In addition, when it comes to the quality of the Internet service you provide to your guests, they expect it to be just as good as they have at home, if not better, and if they have a bad experience they may not return to your property.

So both factors – more devices per guest, and the increased demand for bandwidth due the video-centric nature of what they access has put a lot of pressure on your available bandwidth.

Should internet access be free?

This is a whole topic in its own right. However, in my opinion with the increasing demand for more bandwidth along with demand for better wireless coverage it is going to be difficult for Hotels to provide an unlimited Internet service for free. Instead, I believe that a tiered service will be the most common way forward for guest Internet access.

Under a tiered solution there could be an entry level service for free or at a very nominal fee which is mainly for emails and web browsing, and then a higher level offer which is user pays. There could even be a couple of levels of service that provide differing levels of bandwidth /download and allow for more devices to be simultaneously connected.

By example, a business traveller may need to access emails and do a little web research – they would select a service offering at the lower end of the scale.

Another business traveller may have 3 devices; a laptop, an iPad, a Smartphone, they may want all three of them connected. In addition, this person may be doing some video conferencing which is bandwidth intensive so they would choose a plan at the higher end of the tiered structure which is appropriate to meet their requirements.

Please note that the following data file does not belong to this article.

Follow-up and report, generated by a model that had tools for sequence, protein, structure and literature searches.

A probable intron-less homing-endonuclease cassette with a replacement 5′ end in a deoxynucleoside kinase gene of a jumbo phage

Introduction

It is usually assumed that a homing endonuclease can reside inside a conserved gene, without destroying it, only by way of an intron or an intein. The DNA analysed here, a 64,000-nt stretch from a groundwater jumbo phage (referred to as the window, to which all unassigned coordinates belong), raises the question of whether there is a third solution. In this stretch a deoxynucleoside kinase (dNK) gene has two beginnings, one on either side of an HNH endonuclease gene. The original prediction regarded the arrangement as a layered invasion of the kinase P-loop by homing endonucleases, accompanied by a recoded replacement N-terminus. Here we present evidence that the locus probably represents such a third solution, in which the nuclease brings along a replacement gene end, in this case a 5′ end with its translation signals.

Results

How do I offer a tiered Internet access service?

If you are offering a tiered service, I believe it is imperative that your bandwidth be segregated or compartmentalised so that those guests that are paying for the better service actually get it. To give you an example, let’s say you have a 6Mb connection into your property so via the server that provides guest Internet you may allocate 1Mb to the Free Service, 2 Mb to the first tier chargeable service and 3Mb to the second tier chargeable service. This will ensure that those paying for the Premium Service receive a premium service and those that have the lower end service receive that and cannot impact on the Premium Service offering.

How many power outlets should I provide?

Of course, the other impact that all of these devices is bringing with them is an increased demand for power outlets, all of these devices need to be charged. I believe that there should be at least two free power outlets beside the bed for the guest and up to four at the desk. Ideally these are at ‘desk height’ so guests aren’t crawling around on the floor.

Are all power outlets the same?